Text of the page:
Tragedy can strike at any time, even when you are at the office. Whether it is an accident, injury or a natural disaster, there are certain steps you can take to ensure that you have the best chance of survival in the event of an emergency in the workplace.
Most workplaces have a registered disaster management team. This team is usually made up of a number of employees who have been sent for Emergency Response Training. When anything happens where people are injured or are in imminent danger, this team must mobilise and put the relevant procedures in place.
For example, in the event of a fire, the fire drill protocol should be followed.
According to Advanced CT, all workers are tasked to alert all other individuals in the workplace by activating the nearest fire alarm, shouting clearly or by using other procedures set in place by your company. Use the nearest exit to evacuate the workplace. Use a fire extinguisher to put out the fire.
Regular fire drills should be scheduled, at least every few months.
The best decisions are made with a clear head. It seems easier said than done, but in any emergency in the workplace, or other location, remain calm. The best way to do this is to breathe!
Some calming techniques recommended by experts include breathing exercises, visualisation techniques and muscle relaxation exercises, says Safety Line.
During an emergency, stress can lead to mistakes; that is why it is advisable to have an automated safety system in place to summon help when employees are unable to do so, and this will also escalate an emergency if a contact is unable to respond. By removing the human element, you can ensure that as tensions rise, mistakes won’t.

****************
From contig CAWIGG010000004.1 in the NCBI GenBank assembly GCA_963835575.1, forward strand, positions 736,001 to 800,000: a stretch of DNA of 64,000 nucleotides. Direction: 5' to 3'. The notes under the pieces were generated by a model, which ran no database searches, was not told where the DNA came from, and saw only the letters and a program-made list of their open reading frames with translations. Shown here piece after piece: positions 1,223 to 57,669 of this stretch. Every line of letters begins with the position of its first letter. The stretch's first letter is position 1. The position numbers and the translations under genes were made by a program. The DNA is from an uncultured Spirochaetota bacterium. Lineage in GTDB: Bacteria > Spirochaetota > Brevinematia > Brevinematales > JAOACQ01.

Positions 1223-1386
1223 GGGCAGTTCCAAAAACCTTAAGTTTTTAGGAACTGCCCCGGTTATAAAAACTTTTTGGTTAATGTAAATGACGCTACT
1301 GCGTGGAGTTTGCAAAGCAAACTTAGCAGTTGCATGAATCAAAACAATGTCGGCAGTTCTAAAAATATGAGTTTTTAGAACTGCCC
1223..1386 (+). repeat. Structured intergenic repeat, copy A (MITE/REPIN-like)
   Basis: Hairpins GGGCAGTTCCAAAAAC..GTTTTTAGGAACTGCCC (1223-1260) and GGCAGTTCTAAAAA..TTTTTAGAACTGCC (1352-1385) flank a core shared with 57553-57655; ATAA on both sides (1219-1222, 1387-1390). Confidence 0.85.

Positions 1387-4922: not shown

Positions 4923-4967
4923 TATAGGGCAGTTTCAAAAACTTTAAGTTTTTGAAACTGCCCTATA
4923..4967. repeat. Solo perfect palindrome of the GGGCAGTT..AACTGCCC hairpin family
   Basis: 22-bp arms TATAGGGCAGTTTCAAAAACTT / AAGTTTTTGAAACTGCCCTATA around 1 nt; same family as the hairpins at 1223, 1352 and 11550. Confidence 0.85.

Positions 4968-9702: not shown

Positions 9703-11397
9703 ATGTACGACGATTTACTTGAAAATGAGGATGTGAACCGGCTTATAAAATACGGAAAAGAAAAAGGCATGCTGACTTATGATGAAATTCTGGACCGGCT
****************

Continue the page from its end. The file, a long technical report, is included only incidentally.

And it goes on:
Like anything in the workplace, an emergency response often becomes a team effort. You’ll need to be ready to coordinate your response with others.
For most big emergency procedures, there is an evacuation procedure that needs to be followed to a tee, or chaos could ensue.
Safety UWA has guidelines to execute the evacuation without a glitch:
As soon as the alarm sounds, prepare to leave the building.
Secure all confidential materials and valuables, collect personal belongings, shut down experiments and switch off computers, electrical appliances, equipment and machinery.
Exit the building using the nearest and safest exit route. All doors should be closed on leaving.
Do not lock any of the doors.
If possible, take hand-held personal belongings with you when you leave. Do not return to collect belongings.
Assist any disabled person on leaving the building, or to the nearest fire-isolated or fire safe haven for high-rise buildings. Do not attempt to carry people down stairs.
Walk quickly and calmly to the designated assembly area.